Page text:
SUNDAY MORNING SERMON NOTES
Worship and Betrayal in the Same Room - and the Roots of Each
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Sunday, May 25, 2014 - 10:00 a.m.  Sermon #: 1731
Pastor Don Horban

John 12:1-11 - “Six days before the Passover, Jesus therefore came to Bethany, where Lazarus was, whom Jesus had raised from the dead. [2] So they gave a dinner for him there. Martha served, and Lazarus was one of those reclining with him at table. [3] Mary therefore took a pound of expensive ointment made from pure nard, and anointed the feet of Jesus and wiped his feet with her hair. The house was filled with the fragrance of the perfume. [4] But Judas Iscariot, one of his disciples (he who was about to betray him), said, [5] “Why was this ointment not sold for three hundred denarii and given to the poor?” [6] He said this, not because he cared about the poor, but because he was a thief, and having charge of the moneybag he used to help himself to what was put into it. [7] Jesus said, “Leave her alone, so that she may keep it for the day of my burial. [8] For the poor you always have with you, but you do not always have me.” [9] When the large crowd of the Jews learned that Jesus was there, they came, not only on account of him but also to see Lazarus, whom he had raised from the dead. [10] So the chief priests made plans to put Lazarus to death as well, [11] because on account of him many of the Jews were going away and believing in Jesus.”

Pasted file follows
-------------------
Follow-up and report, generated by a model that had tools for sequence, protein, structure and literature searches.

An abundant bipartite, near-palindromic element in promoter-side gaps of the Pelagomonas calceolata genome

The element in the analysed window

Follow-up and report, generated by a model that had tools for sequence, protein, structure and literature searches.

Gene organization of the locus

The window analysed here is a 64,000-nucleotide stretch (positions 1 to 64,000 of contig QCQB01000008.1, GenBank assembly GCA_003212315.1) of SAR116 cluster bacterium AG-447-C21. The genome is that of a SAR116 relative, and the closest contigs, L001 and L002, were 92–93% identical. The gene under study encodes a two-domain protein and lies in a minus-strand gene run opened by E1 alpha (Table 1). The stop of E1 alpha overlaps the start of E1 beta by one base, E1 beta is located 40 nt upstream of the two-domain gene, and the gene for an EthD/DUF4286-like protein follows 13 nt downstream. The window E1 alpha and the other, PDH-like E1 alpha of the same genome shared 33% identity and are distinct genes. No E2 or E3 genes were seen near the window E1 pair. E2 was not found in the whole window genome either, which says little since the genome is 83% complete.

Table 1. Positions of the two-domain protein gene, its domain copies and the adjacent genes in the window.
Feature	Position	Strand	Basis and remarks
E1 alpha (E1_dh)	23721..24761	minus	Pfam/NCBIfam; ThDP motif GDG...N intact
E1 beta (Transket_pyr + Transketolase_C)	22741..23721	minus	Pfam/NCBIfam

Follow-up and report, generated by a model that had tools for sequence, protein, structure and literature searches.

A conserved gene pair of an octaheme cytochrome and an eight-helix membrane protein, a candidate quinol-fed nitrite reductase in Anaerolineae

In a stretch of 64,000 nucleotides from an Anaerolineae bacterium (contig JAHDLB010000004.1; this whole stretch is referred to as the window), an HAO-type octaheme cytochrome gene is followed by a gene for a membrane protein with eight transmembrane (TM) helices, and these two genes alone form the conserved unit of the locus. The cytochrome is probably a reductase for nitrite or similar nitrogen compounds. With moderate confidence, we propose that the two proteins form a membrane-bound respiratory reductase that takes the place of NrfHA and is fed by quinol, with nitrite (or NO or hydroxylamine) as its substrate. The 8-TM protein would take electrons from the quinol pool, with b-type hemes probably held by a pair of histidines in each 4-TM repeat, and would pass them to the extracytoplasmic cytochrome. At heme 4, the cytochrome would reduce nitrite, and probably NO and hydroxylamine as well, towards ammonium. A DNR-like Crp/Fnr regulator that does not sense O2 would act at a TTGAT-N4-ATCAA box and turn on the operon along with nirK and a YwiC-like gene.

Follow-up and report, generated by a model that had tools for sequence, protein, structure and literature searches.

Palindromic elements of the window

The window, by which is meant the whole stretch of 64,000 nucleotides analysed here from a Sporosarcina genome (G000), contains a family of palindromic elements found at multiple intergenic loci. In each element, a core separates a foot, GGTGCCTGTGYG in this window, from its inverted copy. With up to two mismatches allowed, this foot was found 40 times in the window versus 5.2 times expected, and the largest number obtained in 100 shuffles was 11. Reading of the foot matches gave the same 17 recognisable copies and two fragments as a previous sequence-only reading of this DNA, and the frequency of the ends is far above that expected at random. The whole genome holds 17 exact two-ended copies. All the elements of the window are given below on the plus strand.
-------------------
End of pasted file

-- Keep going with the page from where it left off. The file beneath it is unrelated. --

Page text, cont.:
As you’ll see at the end of this teaching, John continues to magnify the tension between belief and unbelief. This chapter contains Jesus’ last words and actions in audience of the general public. Chapter 13 begins a section containing Jesus’ final words and discourses to His disciples in the upper room. From there John launches into the events of Jesus’ trial and execution. We are now closing in on the last days of Jesus.

Chapter twelve focuses in on three public events: Jesus’ anointing at Bethany, His triumphal entry into Jerusalem, and the visit of the Greeks to Jesus. The theme running through these three events as John describes them is the coming end of Jesus’ earthly life. They are all portals through which we get a sense of the inevitable goal to which Jesus’ whole life was destined.

The first of these three accounts is the anointing of Jesus, which, in ways Mary seems to sense, was for His coming burial. There are similar accounts of anointing of Jesus in all four gospels. Debate lingers over whether they might be the same event with slight variations in recorded detail. My own opinion, though it really isn’t crucial to our study, is that Matthew, Mark, and John all describe the same event, while Luke’s is a different account altogether. But don’t worry about that.